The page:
Clover Creek is located approximately 12 miles east of Redding in Shasta County, on the eastern side of the Sacramento River. Clover Creek is a tributary to Cow Creek, which enters the Sacramento River just east of the city of Anderson.
The Millville Ditch is the largest diversion on Clover Creek and consists of a concrete dam, originally built in the 1920s, and a siphon structure (to pass the diverted water under the creek about 300 yards downstream of the dam).
The Millville Diversion Fisheries Restoration Project consisted of the construction of 2 reinforced concrete pool-and-chute type fish ladders, a screened diversion intake, and new inverted siphon to provide water to the Millville Ditch Company’s irrigation ditch without entraining fish. Providing fish passage at the dam and siphon opened up approximately 10 miles of historically-accessible habitat for Sacramento River fall-run Chinook salmon and Central Valley steelhead. The project was completed in 2016.
In support of this effort, we conducted a preliminary investigation of the site, including a Clover Creek Habitat Assessment (7 MB), topographic survey, and geologic investigation. We also completed a Preliminary Engineering Technical Report (18 MB) and drawings for the preferred alternative.
Is this an Active Project or Completed Project? Completed
Watershed: Clover Creek
Why is the project needed? What are the project goals?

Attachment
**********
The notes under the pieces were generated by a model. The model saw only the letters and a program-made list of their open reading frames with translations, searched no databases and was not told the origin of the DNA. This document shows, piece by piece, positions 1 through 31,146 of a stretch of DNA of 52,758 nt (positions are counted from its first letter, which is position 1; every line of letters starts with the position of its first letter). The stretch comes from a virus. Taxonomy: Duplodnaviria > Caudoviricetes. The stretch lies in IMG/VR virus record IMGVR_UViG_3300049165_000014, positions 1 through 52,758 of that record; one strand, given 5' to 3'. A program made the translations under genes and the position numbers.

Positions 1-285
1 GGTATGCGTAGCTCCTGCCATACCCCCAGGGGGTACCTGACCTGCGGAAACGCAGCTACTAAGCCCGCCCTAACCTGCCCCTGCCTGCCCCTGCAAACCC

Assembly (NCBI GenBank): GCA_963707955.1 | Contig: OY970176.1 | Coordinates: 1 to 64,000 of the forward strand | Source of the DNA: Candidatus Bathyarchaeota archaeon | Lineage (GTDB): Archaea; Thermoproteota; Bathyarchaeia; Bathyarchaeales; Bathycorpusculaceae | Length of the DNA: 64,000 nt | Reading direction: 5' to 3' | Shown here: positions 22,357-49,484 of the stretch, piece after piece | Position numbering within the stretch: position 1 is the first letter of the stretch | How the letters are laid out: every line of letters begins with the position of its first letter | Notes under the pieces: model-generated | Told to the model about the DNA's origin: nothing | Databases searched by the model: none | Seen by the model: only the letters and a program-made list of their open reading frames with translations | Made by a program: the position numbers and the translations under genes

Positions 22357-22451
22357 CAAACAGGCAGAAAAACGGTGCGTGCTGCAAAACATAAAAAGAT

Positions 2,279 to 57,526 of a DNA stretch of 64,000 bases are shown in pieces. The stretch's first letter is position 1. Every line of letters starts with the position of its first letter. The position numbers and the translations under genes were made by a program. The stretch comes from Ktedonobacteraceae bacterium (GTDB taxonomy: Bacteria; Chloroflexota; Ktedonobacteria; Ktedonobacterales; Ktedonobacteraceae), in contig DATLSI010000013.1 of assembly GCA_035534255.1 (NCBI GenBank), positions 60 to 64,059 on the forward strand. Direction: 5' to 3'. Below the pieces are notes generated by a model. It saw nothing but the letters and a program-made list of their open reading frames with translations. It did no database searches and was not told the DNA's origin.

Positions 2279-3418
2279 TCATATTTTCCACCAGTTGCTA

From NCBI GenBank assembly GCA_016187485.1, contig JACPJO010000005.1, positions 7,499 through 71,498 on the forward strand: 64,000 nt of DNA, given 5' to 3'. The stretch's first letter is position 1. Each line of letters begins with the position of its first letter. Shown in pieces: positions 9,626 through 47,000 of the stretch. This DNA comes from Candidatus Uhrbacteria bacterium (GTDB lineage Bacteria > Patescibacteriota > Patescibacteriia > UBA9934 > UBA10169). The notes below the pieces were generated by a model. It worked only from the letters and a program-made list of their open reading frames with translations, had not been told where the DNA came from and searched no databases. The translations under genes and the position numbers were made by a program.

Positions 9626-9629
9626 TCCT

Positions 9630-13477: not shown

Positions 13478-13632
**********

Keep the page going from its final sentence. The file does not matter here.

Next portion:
In 1995, the U.S. Fish and Wildlife Service (USFWS) Anadromous Fish Restoration Program Core Group reported that salmon and steelhead spawning habitat in Cow Creek and its tributaries was in "relatively good condition" (Cow Creek Watershed Assessment (25.3 MB), 2001). Salmon and steelhead may not have been able to access spawning habitat in upstream areas of Clover Creek because the diversion dam and siphon structure are partial barriers to upstream fish passage.
The purpose of the project was to improve water supply reliability for the Millville Ditch Company and to improve passage for salmonids.
Long Term Maintenance
With funding from the CDFW’s Ecosystem Restoration Program and USFWS Anadromous Fish Screen Program, the Western Shasta RCD successfully implemented the project. Immediately following the completion of the project, a salmon was documented successfully swimming through the upper fish ladder.
We worked with DWR’s Northern Region office and a technical advisory committee composed of representatives from Western Shasta Resource Conservation District, California Department of Fish and Wildlife (CDFW), USFWS, National Marine Fisheries Service, Natural Resources Conservation Service, Cow Creek Watershed Management Group, and the Millville Ditch Company to develop a preferred alternative for fish passage at this site.